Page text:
If this abuse were aimed at any other section of the community it would be classed as hate crime, says Dr Mick Wilkinson. And Joyce Hawthorn asks what of the children who appear
The death of a “guest” on the Jeremy Kyle Show (Jeremy Kyle Show suspended for its own protection, says boss of ITV, 15 May) should be seen in the context of an increasing tendency towards nastiness and vilification in public and media discourse aimed against working-class communities. Eight years on from the publication of Owen Jones’s Chavs: The Demonization of the Working Class, poverty p**n continues apace across a mainstream media dominated by public school elites. Benefits Britain, Benefits By the Sea, Saints and Scroungers, a ubiquitous Sun Bingo advert, a privately educated “comedian” portraying Vicky Pollard – “your common-or-garden teenage delinquent, the sort you can see hanging around any number of off-licences in Britain” as the BBC’s website presents her. It is not accidental that this tidal wave of negative caricature and stereotype dovetails with tabloid campaigns against “benefit cheats” and “bogus claimants”, and a government onslaught on welfare rights. If this abuse were aimed at any other section of the community it would be classed as hate crime.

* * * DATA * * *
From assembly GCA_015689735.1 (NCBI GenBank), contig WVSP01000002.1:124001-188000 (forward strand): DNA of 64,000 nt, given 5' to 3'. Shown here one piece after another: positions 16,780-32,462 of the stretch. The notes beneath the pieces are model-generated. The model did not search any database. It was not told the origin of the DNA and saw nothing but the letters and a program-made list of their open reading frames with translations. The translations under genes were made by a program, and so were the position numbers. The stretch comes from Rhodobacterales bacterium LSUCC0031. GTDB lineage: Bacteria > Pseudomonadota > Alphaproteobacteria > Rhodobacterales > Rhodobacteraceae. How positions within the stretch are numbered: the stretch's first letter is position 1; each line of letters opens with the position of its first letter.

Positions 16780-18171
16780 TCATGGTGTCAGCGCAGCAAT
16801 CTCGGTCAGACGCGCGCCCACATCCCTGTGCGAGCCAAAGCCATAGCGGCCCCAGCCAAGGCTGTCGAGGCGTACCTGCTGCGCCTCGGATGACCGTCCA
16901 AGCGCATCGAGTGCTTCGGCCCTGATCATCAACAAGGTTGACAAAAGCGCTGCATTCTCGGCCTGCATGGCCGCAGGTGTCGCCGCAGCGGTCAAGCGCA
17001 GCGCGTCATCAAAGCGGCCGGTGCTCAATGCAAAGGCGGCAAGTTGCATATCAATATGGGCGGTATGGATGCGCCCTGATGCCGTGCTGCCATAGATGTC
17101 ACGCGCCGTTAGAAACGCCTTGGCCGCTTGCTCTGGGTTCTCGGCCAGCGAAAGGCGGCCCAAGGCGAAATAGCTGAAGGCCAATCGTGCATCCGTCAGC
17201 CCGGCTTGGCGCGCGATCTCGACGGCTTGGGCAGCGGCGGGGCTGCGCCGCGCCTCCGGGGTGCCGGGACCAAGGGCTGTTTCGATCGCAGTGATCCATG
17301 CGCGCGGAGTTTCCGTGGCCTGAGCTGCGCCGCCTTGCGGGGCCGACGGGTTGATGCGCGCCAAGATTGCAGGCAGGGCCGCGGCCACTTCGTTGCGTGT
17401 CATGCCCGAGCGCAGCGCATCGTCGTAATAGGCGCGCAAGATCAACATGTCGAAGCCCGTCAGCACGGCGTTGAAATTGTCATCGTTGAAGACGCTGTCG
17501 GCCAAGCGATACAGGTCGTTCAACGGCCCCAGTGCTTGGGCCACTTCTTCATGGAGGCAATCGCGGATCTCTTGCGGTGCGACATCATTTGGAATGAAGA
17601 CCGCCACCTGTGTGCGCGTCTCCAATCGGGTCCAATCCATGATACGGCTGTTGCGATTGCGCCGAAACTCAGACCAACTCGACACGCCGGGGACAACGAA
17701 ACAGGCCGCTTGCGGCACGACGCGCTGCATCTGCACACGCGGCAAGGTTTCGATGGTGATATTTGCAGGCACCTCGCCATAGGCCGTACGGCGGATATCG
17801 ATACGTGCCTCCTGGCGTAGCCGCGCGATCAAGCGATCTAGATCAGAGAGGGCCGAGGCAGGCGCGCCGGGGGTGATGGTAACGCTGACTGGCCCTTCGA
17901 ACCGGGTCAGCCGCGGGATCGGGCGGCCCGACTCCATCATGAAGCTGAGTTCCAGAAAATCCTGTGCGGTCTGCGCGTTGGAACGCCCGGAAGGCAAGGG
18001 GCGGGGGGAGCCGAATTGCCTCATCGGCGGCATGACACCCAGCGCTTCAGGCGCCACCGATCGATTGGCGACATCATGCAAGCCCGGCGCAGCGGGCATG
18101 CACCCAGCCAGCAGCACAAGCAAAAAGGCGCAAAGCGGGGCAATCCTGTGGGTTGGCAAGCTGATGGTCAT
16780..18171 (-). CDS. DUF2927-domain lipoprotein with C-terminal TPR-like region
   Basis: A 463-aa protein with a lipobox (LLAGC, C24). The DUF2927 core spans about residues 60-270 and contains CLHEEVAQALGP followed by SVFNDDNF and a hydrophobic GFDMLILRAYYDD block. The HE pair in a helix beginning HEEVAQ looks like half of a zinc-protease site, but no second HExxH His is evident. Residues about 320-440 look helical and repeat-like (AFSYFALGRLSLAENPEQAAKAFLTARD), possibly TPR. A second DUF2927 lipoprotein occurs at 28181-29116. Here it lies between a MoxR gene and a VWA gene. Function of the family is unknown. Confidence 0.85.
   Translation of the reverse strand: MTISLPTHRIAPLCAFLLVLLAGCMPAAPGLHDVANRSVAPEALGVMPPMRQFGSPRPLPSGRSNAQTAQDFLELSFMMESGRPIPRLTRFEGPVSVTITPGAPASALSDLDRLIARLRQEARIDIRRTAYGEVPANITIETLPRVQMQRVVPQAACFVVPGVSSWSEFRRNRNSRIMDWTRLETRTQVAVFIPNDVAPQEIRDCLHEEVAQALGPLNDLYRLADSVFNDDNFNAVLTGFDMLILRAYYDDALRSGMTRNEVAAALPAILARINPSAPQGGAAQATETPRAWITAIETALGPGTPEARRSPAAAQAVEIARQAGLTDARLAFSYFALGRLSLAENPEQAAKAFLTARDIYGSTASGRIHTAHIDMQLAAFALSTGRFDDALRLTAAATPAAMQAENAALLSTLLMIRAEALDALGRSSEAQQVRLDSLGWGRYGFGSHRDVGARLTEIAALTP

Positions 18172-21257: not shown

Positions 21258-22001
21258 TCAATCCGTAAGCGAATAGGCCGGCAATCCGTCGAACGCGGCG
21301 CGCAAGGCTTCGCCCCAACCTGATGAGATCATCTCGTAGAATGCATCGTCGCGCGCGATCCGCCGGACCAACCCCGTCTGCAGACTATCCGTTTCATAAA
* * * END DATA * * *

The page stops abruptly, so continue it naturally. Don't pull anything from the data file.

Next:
Dr Mick Wilkinson
Lecturer in social justice, University of Hull
• As part of ITV’s review of the impact of the Jeremy Kyle Show on those participating, it is to be hoped that the effect on the children involved is also considered. It is a breach of any child’s basic human right to anonymity to have their personal details shared with the million viewers who watched the programme daily. While usually babies, the detail of their circumstances will undoubtedly be well remembered within their own communities. It is appalling that this level of public shaming has been allowed for as long as it has by ITV in the name of entertainment.